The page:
Maryland expungement laws apply to many non-conviction records, as well as some conviction records. The records that can be expunged include police records (arrests, bookings, charges, infractions) and court records (charges, dispositions, convictions). Learn who's eligible for expungement in Maryland.
Expunged records in Maryland are not available to the public or any government agencies (with very few exceptions that require a court order). Depending on the type of record, agencies holding the expunged record must destroy it or make it inaccessible to the public.
Maryland law specifically provides that employers, educational institutions, and government agencies cannot require an applicant for a job, license, or governmental service to disclose an expunged record. This means the person can say that they've never been arrested or convicted of the expunged crime when applying for a job, professional license, or school admission.
In most cases, a person is only eligible to expunge a charge or conviction if all charges and convictions in the same case can be expunged. This rule is known as the "unit rule." (The law carves out a few exceptions to this rule.)
Most expungement requests also require that the person:
A case doesn't end until all of its terms are complete, including any probation, parole, or court-ordered treatment. (Wait periods are discussed below.)
Subsequent convictions may also make a person ineligible for expungement of a conviction or PBJ.
Maryland allows expungement of police and court records for most cases not resulting in a conviction, as well as some conviction records. Certain non-conviction records qualify for automatic expungement, while others require a petition to the court. If the person wants to expunge a conviction record, they typically must petition (ask) the court.
Police must expunge any arrest records (including mugshots and fingerprints) if 60 days pass and no charges are filed in a case. These records must be hidden from public view. After three years, the records must be destroyed. This process should happen automatically. (For arrests that occurred before October 1, 2007, the person may need to contact the law enforcement agency to ask about their records.)
As of October 1, 2021, any case that resulted in an acquittal, dismissal, not guilty, or nolle prosequi must be automatically expunged after three years. A person can file a petition with the court before the three-year mark if they sign a general waiver and release of all legal claims. (For earlier cases, the person should petition the court.)
For a few non-conviction records, a person must petition the court to expunge the records. These records include:
Typically, a person must wait three years to ask for an expungement of these records. The three-year clock generally starts after the case ends or, if drug or alcohol treatment was part of the agreement, after discharge from treatment. In some cases, a person can ask for an earlier expungement based on "good cause."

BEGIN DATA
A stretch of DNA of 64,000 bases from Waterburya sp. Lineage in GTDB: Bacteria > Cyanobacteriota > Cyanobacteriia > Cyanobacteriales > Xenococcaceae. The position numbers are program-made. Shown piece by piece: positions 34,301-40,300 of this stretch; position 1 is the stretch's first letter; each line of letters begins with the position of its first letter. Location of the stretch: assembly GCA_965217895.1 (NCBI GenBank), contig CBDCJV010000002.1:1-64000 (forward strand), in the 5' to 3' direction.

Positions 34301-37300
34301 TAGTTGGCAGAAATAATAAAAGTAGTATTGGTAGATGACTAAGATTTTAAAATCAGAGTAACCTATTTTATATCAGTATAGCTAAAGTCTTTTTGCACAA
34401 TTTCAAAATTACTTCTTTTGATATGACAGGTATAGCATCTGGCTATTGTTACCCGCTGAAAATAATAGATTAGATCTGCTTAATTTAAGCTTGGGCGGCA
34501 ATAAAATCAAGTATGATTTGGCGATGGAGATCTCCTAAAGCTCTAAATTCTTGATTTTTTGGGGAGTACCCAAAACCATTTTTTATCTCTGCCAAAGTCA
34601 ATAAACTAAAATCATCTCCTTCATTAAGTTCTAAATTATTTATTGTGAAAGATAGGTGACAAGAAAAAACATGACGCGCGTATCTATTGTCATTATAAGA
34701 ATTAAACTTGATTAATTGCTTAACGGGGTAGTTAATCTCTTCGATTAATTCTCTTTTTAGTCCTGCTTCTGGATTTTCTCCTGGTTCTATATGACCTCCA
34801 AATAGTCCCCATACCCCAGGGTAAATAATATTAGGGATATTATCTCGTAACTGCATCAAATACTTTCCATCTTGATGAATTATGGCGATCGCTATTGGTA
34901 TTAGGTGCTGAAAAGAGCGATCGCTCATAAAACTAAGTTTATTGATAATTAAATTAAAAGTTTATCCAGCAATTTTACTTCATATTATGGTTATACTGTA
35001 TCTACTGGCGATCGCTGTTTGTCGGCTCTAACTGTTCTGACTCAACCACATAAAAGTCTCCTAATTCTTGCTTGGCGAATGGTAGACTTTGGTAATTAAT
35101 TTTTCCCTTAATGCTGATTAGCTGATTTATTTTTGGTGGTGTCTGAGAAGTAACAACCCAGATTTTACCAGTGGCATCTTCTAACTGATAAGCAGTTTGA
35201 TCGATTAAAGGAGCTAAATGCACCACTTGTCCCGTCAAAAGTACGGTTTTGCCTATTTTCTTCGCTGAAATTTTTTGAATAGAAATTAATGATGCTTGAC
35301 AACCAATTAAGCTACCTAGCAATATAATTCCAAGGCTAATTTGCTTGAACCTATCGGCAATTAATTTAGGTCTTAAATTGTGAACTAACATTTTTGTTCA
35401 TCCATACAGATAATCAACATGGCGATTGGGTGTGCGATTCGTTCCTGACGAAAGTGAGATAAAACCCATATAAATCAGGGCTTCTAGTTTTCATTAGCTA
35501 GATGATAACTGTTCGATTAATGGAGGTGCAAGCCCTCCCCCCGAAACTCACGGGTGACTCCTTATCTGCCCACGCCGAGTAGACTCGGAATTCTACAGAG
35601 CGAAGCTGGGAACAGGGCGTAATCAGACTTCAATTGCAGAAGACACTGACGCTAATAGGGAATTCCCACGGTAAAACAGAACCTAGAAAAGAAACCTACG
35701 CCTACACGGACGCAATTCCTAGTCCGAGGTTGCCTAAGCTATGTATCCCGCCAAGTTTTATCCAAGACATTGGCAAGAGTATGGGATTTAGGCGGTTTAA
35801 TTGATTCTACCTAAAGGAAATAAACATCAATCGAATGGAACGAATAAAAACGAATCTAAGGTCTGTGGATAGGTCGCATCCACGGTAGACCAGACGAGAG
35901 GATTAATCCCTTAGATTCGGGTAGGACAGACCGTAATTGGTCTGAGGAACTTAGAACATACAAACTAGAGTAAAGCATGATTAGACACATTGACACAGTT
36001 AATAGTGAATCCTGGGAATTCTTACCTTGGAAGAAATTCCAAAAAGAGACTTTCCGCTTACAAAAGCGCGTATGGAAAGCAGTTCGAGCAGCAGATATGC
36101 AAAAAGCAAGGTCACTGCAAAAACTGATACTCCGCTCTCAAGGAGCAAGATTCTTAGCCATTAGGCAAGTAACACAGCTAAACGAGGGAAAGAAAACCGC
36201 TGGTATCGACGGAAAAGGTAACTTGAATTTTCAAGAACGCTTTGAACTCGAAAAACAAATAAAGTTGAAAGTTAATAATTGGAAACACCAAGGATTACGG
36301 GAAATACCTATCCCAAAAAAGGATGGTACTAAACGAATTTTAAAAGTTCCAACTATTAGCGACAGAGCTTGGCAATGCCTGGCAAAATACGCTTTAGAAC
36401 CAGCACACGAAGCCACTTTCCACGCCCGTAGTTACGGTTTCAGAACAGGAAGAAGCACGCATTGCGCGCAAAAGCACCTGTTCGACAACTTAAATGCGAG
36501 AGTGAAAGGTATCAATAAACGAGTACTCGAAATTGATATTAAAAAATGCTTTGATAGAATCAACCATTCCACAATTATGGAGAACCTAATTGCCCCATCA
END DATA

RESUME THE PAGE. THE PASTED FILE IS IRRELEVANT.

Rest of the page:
Maryland law permits the expungement of conviction records for certain misdemeanors and felonies, as well as for offenses that are no longer crimes. Most have wait periods of 3, 5, or 7 years.
No wait period. There are no wait periods to seek an expungement for offenses that are no longer crimes and convictions for simple possession of cannabis.
Three-year wait period. Possession of cannabis with intent to distribute and "nuisance crimes" resulting in a conviction are eligible for expungement after 3 years. Nuisance crimes include public urination, panhandling, drinking alcohol in public, vagrancy, loitering, obstruction of a passageway, and sleeping in public.
Five-year wait period. Most other eligible misdemeanors require a 5-year wait period to apply for expungement. Examples of eligible misdemeanors include disorderly conduct crimes, theft, property crimes, drug crimes, prostitution, gambling offenses, contempt, rioting, affrays, and business or commercial crimes.
Seven-year wait period. Misdemeanor assault and common law battery have a 7-year wait period. Felony expungements for third-degree burglary and possession of drugs with intent to distribute also have a 7-year wait period.
Ten-year wait period. A person eligible to expunge a felony theft or first- or second-degree burglary conviction must complete a 10-year wait period. Pardoned offenses (non-violent offenses only) also have a 10-year wait period.
Fifteen-year wait period. Eligible misdemeanors classified as domestic violence offenses have a 15-year wait period.
A list of all eligible misdemeanor and felony convictions can be found on the Maryland Courts' website.
A person must file a petition with the court to ask for an expungement. Petition forms can be found on the court's website. In some cases, a $30 filing fee applies. The court will hold a hearing only if the State's Attorney objects to the expungement.
While you can always seek out the assistance of an attorney, it's possible to file for expungement on your own. The Maryland Courts have forms and videos online explaining the process. Several organizations also provide free or low-cost assistance for expungement, such as Maryland Legal Aid. Another option is to search for "expungement clinics" in your area.
(Md. Code, Crim. Proc. §§ 10-101 to 10-112 (2023).)